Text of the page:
*x*=

*p*·0.1 are studied. Examples of the modelled structures are shown in Fig. 10.

^{st}order. It can be seen that the generated phase along the whole range of the observed angles varies strongly. Also even small misalignments cause a great deviation from the predicted phase. This might be expected, as for small Δ

*x*isolated structures occur, which have a strong effect on the generated phase.

### 4.2. Grey scale process

*σ*of the Gaussian function, that we used as an approximation of our writing spot profile. For a continuously scanning writing spot, the resulting intensity pattern can be described as a convolution between perfect grating profile and spot profile, see Eq 6 where * denotes the convolution operator.

*σ*of the Gaussian function was varied between 5 and 100 nm and the effect on the generated phase was observed for oblique and perpendicular incident light. Figure 13 shows the resulting structure for a 1 μm period grating with

*σ*set to 50 nm.

20. E. Popov, M. Nevière, B. Gralak, and G. Tayeb, “Staircase approximation validity for arbitrary-shaped gratings,” J. Opt. Soc. Am. A **19** (2002) [CrossRef] .

*W*for 1% variation in height over sigma are shown.

## 5. Conclusion and outlook

21. P. Zhou and J. H. Burge, “Optimal design of computer-generated holograms to minimize sensitivity to fabrication errors”Opt. Express **15**15410–15417 (2007) [CrossRef] [PubMed] .

*λ*/100 from what would be expected in scalar approximation, if the local grating periods are smaller than 4.5

*λ*for a wavelength of 633 nm. This is true for binary and blazed structures. In addition to that, fabrication tolerances introduce additional phase errors. To identify structure parameters, that have a significant effect on the generated phase, rigorous sensitivity analysis have been done for typical gratings. A variation of 1 % was introduced for selected parameters. The following results were found for grating periods of 1 μm at 633 nm wavelength.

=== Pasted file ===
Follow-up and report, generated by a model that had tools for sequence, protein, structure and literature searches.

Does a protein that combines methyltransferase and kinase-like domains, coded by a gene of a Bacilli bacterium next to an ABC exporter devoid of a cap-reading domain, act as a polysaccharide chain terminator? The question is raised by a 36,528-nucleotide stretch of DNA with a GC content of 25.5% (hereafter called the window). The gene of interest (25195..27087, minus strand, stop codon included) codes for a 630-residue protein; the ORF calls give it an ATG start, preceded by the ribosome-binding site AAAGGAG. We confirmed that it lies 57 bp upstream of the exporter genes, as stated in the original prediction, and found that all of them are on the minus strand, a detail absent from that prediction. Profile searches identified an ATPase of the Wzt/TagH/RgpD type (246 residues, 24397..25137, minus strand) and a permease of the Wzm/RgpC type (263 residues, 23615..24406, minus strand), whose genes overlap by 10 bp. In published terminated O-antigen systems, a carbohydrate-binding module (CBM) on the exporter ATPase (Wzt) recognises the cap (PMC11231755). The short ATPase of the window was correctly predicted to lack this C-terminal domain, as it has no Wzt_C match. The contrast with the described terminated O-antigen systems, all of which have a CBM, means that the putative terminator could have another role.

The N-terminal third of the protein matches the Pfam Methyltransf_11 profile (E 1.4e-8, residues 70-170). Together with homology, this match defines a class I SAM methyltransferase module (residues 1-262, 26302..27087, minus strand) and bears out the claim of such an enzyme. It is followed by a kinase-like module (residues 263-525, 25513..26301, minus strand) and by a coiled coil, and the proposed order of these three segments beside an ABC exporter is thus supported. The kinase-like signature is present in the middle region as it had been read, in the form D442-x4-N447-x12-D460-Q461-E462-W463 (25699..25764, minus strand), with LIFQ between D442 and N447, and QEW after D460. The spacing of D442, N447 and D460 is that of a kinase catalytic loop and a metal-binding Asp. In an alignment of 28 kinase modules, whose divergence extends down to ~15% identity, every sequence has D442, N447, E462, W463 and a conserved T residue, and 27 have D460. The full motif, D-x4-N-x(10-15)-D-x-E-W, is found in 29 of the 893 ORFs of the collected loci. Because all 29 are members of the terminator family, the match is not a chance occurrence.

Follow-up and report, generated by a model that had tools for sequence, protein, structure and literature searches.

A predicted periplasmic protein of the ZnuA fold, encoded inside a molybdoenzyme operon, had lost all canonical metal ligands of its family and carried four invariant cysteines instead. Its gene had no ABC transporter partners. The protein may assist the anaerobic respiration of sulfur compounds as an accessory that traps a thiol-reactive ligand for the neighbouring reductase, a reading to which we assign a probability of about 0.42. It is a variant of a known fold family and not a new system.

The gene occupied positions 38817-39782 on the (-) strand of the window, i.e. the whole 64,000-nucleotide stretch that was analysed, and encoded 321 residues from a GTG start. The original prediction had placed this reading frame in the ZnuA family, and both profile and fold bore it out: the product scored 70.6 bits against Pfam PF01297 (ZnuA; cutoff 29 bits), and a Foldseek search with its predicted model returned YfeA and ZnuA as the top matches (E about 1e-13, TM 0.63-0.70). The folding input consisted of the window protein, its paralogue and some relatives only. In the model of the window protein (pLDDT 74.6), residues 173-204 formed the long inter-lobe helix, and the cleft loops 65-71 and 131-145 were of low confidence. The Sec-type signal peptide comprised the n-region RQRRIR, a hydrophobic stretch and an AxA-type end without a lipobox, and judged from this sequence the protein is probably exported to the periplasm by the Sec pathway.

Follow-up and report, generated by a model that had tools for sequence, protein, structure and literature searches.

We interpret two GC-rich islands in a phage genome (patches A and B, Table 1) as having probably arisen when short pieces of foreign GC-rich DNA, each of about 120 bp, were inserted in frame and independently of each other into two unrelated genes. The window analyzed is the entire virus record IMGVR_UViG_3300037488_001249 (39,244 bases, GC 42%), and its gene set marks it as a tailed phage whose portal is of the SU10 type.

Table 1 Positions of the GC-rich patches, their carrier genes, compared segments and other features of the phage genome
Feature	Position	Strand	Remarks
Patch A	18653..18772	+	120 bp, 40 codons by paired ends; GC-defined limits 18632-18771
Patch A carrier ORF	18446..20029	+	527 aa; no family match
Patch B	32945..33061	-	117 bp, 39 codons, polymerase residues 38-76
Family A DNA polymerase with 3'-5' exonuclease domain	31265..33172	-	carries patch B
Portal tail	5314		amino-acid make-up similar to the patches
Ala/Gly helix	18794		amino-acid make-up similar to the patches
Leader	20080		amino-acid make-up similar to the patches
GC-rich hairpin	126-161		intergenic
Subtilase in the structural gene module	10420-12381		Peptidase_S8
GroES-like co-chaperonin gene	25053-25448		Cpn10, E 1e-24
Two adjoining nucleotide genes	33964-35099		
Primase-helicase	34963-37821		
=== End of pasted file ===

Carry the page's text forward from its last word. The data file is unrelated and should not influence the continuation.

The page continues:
*λ*/20. Phase changes in line width

*b*showed values of

*λ*/30 for TE polarisation. If metallised CGH are used in reflection with TM polarised light, phase changes of up to

*λ*/10 were observed for changes in

*b*. Also the side wall angle

*α*caused changes of up to

*λ*/30. Increasing the period to 1.5μm typically decrease the phase changes for most parameters significantly as well as the dependence on polarisation.

## Acknowledgments

## References and links

1. | J. C. Wyant and V. P. Bennett, “Using computer generated holograms to test aspheric wavefronts,” omputer Generated Holograms to Test Aspheric Wavefronts,” Appl. Opt. |

2. | S. M. Arnold, “How to test an asphere with a computer-generated hologram,” Proc. SPIE |

3. | E.-B. Kley, W. Rockstroh, H. Schmidt, A. Drauschke, F. Wyrowski, and L.-C. Wittig, “Investigation of large null-CGH realization,” Proc. SPIE |

4. | J. Ma, C. Pruss, M. Häfner, B. Heitkamp, R. Zhu, Z. Gao, C. Yuan, and W. Osten, “Systematic analysis of the measurement of cone angles using high line density computer-generated holograms,” Opt. Eng. |

5. | S. Reichelt, C. Pruss, and H. J. Tiziani, “Specification and characterization of CGHs for interferometrical optical testing,” Proc. SPIE |

6. | Y.-C. Chang, P. Zhou, and J. H. Burge, “Analysis of phase sensitivity for binary computer-generated holograms,” Appl. Opt. |